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The sewage system demonstrates the divergence between the two development models. The village’s initial plan was to do a conventional system which is capital intensive, energy intensive, and unattractive. Conventional developers regard sewage as a discrete element. We, however,

Conventional sewage plant uses lots of machinery.  It is capital and energy intensive and wastes land.

consider the sewage system an integral part of the housing, industrial and agricultural design. Our objective is zero waste: to see that the “waste” from one process becomes a resource for another. We want to make beneficial use of the resources contained in the sewage (water and fertilizer). One possibility we have been looking at is biological treatment systems using ponds and constructed wetlands. These systems create a natural landscape that can become parks, recreation and scenic areas for the community, thus increasing its value. They also provide wildlife habitat. Some of the water can be used in the agricultural land. Instead of being an unattractive expense for the community, the sewage system provides an amenity


Wetland sewage treatment in Arcata California has become a wildlife sanctuary where people go to picnic and bird watch, often unaware they are in the middle of the city’s sewage treatment system.

Click picture for larger image.

for the community, enhancing its enjoyment and value.


We will be working with all aspects of making an environmentally healthy and socially vibrant community including transportation, energy and recycling to mention a few of the issues. Because we are working with industrial, housing and other uses at the same time we can look for beneficial interactions between them. For example, the town of Kalundborg, Denmark used the waste heat from one industry to provide a district heating system for the town.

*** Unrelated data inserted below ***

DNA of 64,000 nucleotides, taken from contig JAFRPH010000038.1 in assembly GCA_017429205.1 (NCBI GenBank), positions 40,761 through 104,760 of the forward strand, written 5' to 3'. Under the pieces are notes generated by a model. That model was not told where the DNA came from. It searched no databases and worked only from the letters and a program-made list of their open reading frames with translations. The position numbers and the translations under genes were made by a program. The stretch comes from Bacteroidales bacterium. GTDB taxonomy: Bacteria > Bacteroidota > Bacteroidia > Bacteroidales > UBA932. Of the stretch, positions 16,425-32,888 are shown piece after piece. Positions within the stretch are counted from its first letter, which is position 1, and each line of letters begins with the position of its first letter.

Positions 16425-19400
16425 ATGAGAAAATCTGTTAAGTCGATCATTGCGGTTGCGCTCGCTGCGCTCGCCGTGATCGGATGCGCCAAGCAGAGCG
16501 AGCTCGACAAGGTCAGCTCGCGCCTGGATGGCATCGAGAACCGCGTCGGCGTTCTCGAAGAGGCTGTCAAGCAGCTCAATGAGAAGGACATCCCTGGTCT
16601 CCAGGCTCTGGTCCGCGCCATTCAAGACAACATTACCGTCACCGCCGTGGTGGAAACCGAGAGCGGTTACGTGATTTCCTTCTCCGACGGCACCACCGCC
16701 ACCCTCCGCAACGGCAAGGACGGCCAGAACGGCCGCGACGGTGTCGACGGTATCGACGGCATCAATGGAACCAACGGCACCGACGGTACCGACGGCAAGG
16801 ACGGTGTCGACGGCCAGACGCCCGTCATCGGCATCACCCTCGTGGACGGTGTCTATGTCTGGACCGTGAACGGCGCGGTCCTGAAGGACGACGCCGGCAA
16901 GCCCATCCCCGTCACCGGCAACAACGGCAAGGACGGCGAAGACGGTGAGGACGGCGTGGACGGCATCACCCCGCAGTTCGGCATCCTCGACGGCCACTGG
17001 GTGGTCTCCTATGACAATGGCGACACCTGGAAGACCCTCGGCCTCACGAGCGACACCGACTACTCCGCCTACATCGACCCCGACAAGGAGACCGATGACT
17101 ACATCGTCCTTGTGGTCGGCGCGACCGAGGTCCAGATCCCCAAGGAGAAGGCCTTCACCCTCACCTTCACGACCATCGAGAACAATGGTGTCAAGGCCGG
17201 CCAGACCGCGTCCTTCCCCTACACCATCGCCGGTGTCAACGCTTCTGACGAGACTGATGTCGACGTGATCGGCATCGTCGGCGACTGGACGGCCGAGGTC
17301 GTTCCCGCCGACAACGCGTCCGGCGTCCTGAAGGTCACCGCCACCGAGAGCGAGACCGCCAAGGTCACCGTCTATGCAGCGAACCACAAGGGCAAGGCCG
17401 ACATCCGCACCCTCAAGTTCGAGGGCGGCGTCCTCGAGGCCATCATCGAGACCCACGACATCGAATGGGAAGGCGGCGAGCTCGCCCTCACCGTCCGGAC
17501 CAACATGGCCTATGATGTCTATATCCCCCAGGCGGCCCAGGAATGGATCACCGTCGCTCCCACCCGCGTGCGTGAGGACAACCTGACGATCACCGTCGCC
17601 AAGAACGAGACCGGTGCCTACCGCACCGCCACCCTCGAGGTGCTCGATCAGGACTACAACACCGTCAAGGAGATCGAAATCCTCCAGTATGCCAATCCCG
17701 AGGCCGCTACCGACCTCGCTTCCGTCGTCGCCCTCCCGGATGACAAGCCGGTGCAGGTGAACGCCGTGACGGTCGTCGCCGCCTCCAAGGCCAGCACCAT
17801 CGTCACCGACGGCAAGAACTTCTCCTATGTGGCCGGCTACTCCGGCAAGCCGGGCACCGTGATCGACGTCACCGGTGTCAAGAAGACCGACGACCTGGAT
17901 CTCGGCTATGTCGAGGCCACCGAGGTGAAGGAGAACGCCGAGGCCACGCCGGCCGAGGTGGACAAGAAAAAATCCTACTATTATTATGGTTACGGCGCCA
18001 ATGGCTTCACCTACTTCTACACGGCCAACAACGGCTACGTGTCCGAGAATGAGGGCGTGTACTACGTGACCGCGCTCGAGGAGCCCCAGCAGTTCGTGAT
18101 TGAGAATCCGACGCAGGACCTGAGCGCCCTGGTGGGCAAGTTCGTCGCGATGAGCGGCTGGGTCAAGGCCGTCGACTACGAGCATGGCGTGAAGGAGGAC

These villages offer a very good situation for demonstrating the benefits of whole system ecological design. These energy and sewage examples are just the beginning. The principle barrier the village faces is that it does not have 

money for design. These ideas are new for them and don’t fit into the standard model and process with which they are familiar. We need to offer them a strong vision of what an ecological village is, what it would look like, what it would be like to live in, how it would work in their individual case and what the economic costs and benefits would be. We are looking for a way to help the village pay for the design work that will give them the information they need. We are able to produce some ideas for the community through the work done by the University students.  However a complete professional plan is required for an undertaking of this scale.  This eco-village would be a valuable model which hundreds of other villages could then use and adapt.


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